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International Journal of Clinical Pharmacy

, Volume 40, Issue 5, pp 1250–1256 | Cite as

Inadequate antibiotic dosing in patients receiving sustained low efficiency dialysis

  • Leigh Anne Keough
  • Amy Krauss
  • Joanna Q. HudsonEmail author
Research Article
  • 186 Downloads

Abstract

Background Patients requiring SLED are often critically ill and/or hemodynamically unstable, and often need antibiotic therapy for life-threatening infections. Antibiotic dosing recommendations for intermittent hemodialysis and continuous renal replacement therapy are not appropriate for SLED and there is substantial concern for under dosing. Objective To characterize the adequacy of antibiotic dosing during SLED. Setting: Inpatient adult acute care hospital. Methods A retrospective chart review was performed for the period of October 2010 to August 2013 to identify patients who received SLED and at least one of the selected antibiotics: cefepime, daptomycin, piperacillin/tazobactam, meropenem, and vancomycin. Dosing regimens were evaluated each day the patient was receiving one of these antibiotics concurrently with SLED. The administered antibiotic dosing regimens were defined as “adequate” or “inadequate” based on recommendations available in the literature. Main outcome measure The percentage of adequate antibiotic days for each antibiotic. Results Antibiotic regimens were evaluated for a total of 51 patients: 35 (69%) with acute kidney injury, 16 (31%) with end-stage renal disease, mean SLED duration 9.3 ± 1.7 h. The total percent of adequate antibiotic days were: vancomycin 86%, cefepime 62%, daptomycin 58%, meropenem 35%, and piperacillin/tazobactam 20%. Under dosing accounted for 63% of the days antibiotic dosing was considered inadequate. Conclusion: Antibiotic dosing was frequently inadequate, especially for antibiotics requiring more frequent dosing, suggesting a high potential for subtherapeutic levels during the majority of time critically ill patients are requiring SLED.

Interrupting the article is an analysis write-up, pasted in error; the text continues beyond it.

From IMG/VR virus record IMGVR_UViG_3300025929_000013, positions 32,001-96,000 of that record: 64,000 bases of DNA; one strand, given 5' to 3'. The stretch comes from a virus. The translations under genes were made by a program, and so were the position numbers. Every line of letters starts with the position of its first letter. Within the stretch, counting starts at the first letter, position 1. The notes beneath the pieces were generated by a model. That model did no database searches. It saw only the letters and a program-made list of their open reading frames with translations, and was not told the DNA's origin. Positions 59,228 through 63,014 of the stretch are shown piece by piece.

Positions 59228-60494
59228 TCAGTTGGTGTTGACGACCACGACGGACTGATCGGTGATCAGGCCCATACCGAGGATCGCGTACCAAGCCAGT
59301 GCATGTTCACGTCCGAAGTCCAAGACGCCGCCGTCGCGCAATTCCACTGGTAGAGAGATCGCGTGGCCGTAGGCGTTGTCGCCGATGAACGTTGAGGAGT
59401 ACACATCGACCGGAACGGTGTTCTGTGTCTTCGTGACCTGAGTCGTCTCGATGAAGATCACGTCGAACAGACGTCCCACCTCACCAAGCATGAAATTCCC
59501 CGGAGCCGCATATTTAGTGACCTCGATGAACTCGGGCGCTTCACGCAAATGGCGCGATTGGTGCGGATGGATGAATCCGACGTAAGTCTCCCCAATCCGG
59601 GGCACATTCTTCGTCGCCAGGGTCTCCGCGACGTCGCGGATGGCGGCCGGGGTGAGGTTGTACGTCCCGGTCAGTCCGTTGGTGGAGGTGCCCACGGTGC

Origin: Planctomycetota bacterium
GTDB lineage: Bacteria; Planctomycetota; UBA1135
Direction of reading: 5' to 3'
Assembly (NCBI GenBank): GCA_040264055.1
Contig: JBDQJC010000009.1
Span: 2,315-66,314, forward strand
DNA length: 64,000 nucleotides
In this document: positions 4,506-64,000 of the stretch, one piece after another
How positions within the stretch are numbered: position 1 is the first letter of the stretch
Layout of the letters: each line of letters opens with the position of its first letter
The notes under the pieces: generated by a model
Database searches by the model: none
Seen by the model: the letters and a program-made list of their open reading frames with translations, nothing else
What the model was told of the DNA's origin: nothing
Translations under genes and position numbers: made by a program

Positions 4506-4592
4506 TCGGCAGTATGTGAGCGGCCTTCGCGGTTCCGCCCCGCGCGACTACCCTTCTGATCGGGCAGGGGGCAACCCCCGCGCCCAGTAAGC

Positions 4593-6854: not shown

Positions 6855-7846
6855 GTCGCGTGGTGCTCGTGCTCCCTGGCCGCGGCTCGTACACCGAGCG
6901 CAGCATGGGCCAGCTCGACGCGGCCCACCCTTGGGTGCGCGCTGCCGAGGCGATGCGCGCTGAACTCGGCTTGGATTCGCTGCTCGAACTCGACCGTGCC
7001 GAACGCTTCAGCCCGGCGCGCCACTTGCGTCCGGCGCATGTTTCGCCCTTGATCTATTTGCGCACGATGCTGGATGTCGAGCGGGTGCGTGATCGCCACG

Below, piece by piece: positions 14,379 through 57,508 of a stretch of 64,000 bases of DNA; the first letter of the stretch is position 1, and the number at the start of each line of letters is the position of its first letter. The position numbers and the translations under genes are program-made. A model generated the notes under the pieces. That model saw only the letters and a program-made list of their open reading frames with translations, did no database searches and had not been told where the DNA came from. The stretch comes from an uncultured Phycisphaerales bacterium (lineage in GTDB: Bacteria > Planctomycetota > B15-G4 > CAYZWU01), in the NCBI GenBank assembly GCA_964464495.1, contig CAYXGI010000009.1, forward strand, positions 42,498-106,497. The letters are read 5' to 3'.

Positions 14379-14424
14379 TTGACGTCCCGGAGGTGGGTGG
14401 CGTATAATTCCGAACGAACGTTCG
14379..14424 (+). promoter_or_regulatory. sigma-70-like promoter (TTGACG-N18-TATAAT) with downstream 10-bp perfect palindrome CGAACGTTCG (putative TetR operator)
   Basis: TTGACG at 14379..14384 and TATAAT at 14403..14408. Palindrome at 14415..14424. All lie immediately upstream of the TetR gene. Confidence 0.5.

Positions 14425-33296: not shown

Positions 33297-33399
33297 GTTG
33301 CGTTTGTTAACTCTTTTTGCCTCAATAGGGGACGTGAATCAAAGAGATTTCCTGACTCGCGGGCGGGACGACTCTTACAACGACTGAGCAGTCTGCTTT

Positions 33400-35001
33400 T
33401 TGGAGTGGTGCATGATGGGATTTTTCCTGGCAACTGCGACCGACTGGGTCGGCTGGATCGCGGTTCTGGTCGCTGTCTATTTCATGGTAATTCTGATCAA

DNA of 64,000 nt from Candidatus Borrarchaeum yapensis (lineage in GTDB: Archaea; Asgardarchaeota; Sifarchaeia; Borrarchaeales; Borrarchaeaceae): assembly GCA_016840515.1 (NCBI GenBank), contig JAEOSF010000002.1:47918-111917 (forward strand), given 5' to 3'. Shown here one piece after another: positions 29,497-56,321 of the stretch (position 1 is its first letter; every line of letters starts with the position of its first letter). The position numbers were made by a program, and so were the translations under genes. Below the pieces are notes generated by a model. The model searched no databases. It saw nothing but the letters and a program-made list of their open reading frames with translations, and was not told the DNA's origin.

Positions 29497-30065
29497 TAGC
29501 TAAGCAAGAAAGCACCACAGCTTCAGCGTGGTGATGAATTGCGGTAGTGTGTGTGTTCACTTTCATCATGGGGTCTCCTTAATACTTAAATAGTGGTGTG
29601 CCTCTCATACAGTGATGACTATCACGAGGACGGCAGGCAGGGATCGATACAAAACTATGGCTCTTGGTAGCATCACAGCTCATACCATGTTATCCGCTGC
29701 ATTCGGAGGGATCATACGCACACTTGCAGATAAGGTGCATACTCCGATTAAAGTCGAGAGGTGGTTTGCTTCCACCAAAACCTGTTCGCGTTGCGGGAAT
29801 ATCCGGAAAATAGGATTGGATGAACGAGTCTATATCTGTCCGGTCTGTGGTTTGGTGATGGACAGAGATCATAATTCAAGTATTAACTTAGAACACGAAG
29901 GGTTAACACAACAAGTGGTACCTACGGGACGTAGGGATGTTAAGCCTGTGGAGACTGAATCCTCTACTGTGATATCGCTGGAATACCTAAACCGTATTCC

Keywords

Antibiotics Dialysis Drug removal Kidney disease Sustained low-efficiency dialysis United States 

Notes

Acknowledgements

The authors would like to acknowledge the assistance of the Dr. Joyce Broyles at Methodist University Hospital for assistance with this project.

Funding

No financial support was provided for this study.

Conflicts of interest

The authors have no conflicts of interest to report.

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Copyright information

© Springer Nature Switzerland AG 2018

Authors and Affiliations

  1. 1.Department of PharmacyVeterans Affairs Medical CenterMemphisUSA
  2. 2.Department of PharmacyGritman Medical CenterMoscowUSA
  3. 3.Department of Clinical Pharmacy and Translational ScienceUniversity of Tennessee College of PharmacyMemphisUSA
  4. 4.Department of Medicine (Nephrology)The University of Tennessee Health Science CenterMemphisUSA

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